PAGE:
PhotoThere are many hidden benefits to improving energy efficiency — beyond simply saving energy and reducing carbon pollution.

Russell: “It may also improve productivity as measured by increased output per day, it can enhance product quality or reduce error rates. It may improve workplace safety or comfort. It may provide some businesses the ability to expand their product or service offerings.”

That’s Christopher Russell, Visiting Fellow with the American Council for an Energy Efficient Economy. He says that quantifying these additional benefits can make the difference in a company’s motivation to invest in energy efficiency.

But calculating these additional benefits can be difficult. For example, after switching to LED lights, some advantages are immediately obvious, such as improved lighting and lower electricity bills. But since LEDs last about 40 times longer than incandescent bulbs, other benefits — like less staff time spent changing light bulbs, and fewer waste products — are realized more slowly over time.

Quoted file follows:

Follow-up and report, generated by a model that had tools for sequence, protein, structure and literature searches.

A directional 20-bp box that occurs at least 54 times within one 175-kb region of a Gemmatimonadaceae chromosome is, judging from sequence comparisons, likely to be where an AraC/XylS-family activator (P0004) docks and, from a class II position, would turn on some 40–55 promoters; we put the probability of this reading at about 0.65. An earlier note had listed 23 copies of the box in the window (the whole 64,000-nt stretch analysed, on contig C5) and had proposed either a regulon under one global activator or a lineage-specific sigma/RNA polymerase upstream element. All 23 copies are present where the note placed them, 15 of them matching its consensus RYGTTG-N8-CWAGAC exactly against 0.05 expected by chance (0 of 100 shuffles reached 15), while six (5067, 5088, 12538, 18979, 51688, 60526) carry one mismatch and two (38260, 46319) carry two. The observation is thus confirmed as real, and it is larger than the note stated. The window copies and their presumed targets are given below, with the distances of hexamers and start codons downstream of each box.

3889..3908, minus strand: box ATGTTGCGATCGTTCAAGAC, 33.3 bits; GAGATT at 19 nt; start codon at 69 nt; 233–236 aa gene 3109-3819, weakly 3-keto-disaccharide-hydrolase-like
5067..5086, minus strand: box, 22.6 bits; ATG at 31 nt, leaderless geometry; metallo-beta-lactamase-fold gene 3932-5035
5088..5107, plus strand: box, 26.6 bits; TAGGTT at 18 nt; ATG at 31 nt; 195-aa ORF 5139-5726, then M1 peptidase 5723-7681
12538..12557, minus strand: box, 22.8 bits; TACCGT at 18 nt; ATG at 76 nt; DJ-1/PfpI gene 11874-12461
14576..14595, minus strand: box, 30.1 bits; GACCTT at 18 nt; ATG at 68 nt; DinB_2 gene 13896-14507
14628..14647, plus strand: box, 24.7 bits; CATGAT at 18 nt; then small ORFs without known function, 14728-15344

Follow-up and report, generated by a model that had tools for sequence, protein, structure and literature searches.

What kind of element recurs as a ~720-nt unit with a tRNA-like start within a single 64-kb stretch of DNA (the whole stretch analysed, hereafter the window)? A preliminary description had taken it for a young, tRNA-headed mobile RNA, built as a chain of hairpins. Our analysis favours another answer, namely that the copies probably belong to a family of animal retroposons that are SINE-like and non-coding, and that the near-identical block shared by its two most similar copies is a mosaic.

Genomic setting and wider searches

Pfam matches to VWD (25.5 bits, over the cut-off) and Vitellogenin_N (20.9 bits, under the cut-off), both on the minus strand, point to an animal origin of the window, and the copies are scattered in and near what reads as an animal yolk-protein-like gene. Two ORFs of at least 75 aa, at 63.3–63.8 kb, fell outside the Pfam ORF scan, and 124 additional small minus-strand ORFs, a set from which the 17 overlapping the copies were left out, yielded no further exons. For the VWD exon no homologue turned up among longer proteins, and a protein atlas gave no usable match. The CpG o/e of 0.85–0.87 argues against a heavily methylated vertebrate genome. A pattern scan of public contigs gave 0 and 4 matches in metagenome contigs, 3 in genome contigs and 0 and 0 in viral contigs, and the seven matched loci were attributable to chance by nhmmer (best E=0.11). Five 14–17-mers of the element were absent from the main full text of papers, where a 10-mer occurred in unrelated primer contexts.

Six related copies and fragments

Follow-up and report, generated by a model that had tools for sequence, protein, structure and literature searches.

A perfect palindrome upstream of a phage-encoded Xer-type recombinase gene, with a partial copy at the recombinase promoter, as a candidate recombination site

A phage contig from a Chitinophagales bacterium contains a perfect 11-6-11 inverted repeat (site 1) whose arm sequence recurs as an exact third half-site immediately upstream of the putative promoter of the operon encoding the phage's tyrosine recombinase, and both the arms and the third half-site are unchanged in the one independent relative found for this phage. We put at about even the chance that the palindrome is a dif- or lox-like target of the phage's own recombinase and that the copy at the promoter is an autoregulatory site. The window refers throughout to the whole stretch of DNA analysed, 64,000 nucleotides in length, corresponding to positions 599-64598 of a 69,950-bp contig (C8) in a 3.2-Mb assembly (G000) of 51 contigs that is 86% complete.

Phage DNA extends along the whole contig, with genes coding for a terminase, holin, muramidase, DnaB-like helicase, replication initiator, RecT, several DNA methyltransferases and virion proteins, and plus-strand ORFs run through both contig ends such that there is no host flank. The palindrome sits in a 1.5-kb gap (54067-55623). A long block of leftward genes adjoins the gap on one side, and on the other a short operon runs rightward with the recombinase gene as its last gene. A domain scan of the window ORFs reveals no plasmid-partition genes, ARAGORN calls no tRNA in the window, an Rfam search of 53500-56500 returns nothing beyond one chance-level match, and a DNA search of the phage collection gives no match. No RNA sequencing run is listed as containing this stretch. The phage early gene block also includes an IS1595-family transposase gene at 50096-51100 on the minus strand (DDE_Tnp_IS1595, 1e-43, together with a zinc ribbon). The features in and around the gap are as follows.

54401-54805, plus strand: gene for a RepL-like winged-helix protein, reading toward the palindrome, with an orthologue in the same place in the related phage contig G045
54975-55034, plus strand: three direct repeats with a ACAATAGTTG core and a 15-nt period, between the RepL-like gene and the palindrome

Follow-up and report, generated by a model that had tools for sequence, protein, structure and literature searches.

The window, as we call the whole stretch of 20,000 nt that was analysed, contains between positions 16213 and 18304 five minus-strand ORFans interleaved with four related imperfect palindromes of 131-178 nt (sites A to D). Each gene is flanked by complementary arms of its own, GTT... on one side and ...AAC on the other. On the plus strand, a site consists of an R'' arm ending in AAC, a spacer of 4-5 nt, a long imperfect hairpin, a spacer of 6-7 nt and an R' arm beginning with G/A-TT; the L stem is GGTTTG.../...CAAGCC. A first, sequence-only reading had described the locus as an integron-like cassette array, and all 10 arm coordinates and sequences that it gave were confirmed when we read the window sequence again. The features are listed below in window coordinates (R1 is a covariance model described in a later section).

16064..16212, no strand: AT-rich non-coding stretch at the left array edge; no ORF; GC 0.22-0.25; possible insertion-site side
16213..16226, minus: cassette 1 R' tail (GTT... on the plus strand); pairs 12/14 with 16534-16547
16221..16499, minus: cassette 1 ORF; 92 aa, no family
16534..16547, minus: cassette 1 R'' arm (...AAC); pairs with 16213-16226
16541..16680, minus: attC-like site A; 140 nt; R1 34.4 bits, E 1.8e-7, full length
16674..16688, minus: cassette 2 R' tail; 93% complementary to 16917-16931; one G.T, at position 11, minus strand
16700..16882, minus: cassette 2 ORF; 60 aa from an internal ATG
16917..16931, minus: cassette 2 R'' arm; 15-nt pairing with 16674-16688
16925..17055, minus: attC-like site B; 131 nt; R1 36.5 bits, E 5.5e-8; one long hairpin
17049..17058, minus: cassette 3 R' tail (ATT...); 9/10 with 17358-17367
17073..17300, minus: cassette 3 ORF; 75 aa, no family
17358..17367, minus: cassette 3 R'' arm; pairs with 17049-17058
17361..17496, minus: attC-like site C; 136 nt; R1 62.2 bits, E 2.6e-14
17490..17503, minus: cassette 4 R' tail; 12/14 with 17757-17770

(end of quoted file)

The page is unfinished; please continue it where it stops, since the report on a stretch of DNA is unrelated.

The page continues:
Russell says these other benefits can be overlooked if no one bothers to connect the dots. He is now working to quantify some of these hidden benefits and provide companies with additional incentives to improve their energy efficiency.

Reporting credit: ChavoBart Digital Media.
Photo: Copyright protected.

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Multiple Benefits of Business-Sector Energy Efficiency: A Survey of Existing and Potential Measures

Bud Ward

Bud Ward is Editor of Yale Climate Connections. He started his environmental journalism career in 1974. He later served as Assistant Director of the U.S. Congress's National Commission on Air Quality,...